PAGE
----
NYU look of the day: Matthew Babcox

‘Find pieces that you’re absolutely in love with, and wear them until they fall apart’

Name Matthew Babcox.

Age 19.

Hometown Cleveland, Ohio.

School NYU Gallatin, Fashion Business/Creative Direction/Photography.

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Tell me about when you first started getting into fashion.

I lived in Florence, Italy, for two years, once when I was in 8th grade and again as a junior in high school. I always cared about how I dressed, but it was really senior year when I moved back to Cleveland that I had a lot more free time on my hands, so I started getting into styling. The end of senior year, in the summer, I got more into photography and started getting followers on Instagram, and then I came to New York and met a ton of like-minded people, and it all blew up.

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Saint Laurent D02 raw black denim

How has your fashion aesthetic evolved since moving to college in New York?

Personally, I don’t really like saying “fashion” because I feel like that word is too easily obtainable. Anyone can be fashionable, I think it’s more about being stylish. I used to be all about having a lot of things, a lot of pieces, but now I’m into searching for something for a really long time, and collecting more archival garments. I have 10 quality, well-made pieces that I wear almost everyday.

Like investment pieces?

Investment pieces, exactly. That’s why I think style and fashion are completely different Because anybody can go into Zara or H&M, get one of their Lookbook outfits, and look fine, but I personally don’t consider that being stylish. Even if you have money, you can go to Saint Laurent,  buy everything, and you’ll probably look good, but there’s no creativity in that.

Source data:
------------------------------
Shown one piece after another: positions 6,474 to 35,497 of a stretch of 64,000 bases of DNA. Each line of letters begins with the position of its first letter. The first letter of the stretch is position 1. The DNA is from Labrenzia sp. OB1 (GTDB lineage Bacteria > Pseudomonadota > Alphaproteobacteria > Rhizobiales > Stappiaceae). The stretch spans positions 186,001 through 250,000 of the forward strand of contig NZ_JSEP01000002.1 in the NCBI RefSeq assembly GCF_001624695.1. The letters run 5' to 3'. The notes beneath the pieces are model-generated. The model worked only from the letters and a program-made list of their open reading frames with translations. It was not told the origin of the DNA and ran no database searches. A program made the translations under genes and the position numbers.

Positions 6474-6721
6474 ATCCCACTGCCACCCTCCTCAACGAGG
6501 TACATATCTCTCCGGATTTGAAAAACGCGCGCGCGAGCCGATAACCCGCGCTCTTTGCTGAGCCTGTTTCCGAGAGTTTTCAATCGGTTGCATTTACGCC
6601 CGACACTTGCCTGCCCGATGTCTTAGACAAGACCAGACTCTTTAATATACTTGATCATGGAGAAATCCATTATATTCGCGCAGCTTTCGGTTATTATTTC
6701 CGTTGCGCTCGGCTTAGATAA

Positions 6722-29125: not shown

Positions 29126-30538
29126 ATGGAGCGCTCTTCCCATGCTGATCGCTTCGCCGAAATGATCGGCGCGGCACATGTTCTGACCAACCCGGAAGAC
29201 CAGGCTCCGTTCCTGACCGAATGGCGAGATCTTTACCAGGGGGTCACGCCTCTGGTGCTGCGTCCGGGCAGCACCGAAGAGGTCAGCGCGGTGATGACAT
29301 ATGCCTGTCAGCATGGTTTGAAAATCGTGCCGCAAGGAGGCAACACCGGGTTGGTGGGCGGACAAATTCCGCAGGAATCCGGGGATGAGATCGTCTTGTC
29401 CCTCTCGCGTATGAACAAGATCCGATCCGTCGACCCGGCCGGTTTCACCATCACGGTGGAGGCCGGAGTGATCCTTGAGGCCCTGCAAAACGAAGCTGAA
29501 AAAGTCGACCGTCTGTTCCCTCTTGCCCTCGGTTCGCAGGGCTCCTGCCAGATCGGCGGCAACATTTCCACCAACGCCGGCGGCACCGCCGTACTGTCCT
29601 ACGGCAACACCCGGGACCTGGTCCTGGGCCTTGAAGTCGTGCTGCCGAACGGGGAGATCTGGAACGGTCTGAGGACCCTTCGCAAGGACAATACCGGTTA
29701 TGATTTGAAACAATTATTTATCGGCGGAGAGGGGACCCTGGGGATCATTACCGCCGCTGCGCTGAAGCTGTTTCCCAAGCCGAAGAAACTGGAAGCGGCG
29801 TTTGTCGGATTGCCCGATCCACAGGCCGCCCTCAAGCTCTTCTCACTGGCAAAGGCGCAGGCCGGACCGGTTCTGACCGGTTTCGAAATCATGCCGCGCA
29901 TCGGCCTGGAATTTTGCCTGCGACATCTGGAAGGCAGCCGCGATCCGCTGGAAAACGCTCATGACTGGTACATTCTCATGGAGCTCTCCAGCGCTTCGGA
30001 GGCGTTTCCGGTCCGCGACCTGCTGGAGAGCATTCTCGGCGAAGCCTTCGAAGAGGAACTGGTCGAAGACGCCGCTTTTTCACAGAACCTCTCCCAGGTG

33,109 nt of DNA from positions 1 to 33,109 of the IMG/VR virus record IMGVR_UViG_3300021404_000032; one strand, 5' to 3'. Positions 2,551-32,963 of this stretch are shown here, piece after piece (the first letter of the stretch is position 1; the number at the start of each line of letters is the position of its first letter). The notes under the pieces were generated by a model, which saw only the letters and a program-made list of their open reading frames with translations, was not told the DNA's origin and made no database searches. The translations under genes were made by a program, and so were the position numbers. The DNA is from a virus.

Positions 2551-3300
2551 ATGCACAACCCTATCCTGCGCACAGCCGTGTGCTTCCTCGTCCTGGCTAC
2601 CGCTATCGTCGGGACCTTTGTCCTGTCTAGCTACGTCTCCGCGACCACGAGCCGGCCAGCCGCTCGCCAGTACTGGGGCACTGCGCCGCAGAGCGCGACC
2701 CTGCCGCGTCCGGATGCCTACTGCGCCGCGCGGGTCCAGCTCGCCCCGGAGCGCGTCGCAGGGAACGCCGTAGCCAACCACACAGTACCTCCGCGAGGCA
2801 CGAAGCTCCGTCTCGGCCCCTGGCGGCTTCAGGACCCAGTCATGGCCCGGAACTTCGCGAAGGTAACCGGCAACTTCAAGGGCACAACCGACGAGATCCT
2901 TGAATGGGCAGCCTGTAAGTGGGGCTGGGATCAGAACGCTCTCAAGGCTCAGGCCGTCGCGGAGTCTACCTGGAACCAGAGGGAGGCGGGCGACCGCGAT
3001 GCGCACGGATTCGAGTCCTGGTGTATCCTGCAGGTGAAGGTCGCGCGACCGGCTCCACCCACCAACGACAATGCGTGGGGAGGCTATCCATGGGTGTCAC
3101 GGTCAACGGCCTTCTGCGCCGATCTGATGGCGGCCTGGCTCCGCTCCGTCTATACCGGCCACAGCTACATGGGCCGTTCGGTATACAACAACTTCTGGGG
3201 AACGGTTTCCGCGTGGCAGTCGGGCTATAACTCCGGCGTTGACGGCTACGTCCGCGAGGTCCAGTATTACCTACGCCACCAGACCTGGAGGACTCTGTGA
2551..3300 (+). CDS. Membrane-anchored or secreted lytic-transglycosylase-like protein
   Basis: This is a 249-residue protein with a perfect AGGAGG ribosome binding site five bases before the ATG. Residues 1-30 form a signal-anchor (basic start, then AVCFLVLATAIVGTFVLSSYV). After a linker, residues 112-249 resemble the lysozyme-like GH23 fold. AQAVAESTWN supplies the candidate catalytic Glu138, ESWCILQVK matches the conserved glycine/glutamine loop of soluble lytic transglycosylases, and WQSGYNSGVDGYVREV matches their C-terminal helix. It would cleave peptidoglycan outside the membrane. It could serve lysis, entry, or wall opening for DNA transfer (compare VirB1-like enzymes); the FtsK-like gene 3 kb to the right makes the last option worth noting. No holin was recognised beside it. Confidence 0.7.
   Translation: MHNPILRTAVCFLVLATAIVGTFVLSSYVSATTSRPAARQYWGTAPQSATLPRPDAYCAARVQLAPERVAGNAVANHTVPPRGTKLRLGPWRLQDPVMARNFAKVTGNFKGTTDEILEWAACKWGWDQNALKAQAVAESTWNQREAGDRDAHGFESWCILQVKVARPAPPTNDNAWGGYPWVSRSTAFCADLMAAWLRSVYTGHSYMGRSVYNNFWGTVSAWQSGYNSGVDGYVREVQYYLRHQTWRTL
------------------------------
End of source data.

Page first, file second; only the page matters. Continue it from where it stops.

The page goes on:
Which designers do you follow?

I like Hedi Slimane, and also Rick Owen for very specific pieces. A little bit of everything, it’s more about what I like rather than which designer. Also different eras, like Dior was really good when Hedi Slimane was the creative director, and Helmut Lang in the late 90s, his bondage pieces were really cool, but those are hard to find.

How would you describe your personal style?

I’m not the kind of person who spends forever deciding what I’m going to wear. I know my closet really well, I know every single piece that I have, so I think it’s almost effortless, like a uniform. When people put in a ton of effort, it can look so forced. This (jacket) is the Saint Laurent leather that I got for graduation, and I wear it almost every day. I keep a few shoes that I wear a lot, and a few pairs of boots. I’m not trying to wear something crazy that grabs a ton of attention, I want my style to stand out for how clean and simple it is.

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East Village, Manhattan

I think too often people throw on something that they see as bizarre and crazy and think it makes a statement, when really it’s the person wearing the clothes who should be making the statement.

Exactly and along that line, I’m a big believer in “style sees no face.” I feel like the industry has turned into this whole situation where people want to wear something simply because it was designed by a certain person, because it’s Hedi Slimane, because it’s Kanye, because whatever. And there definitely are pieces by those designers that are great, but because of the name or the brand, people lose sight of the actual piece they’re wearing.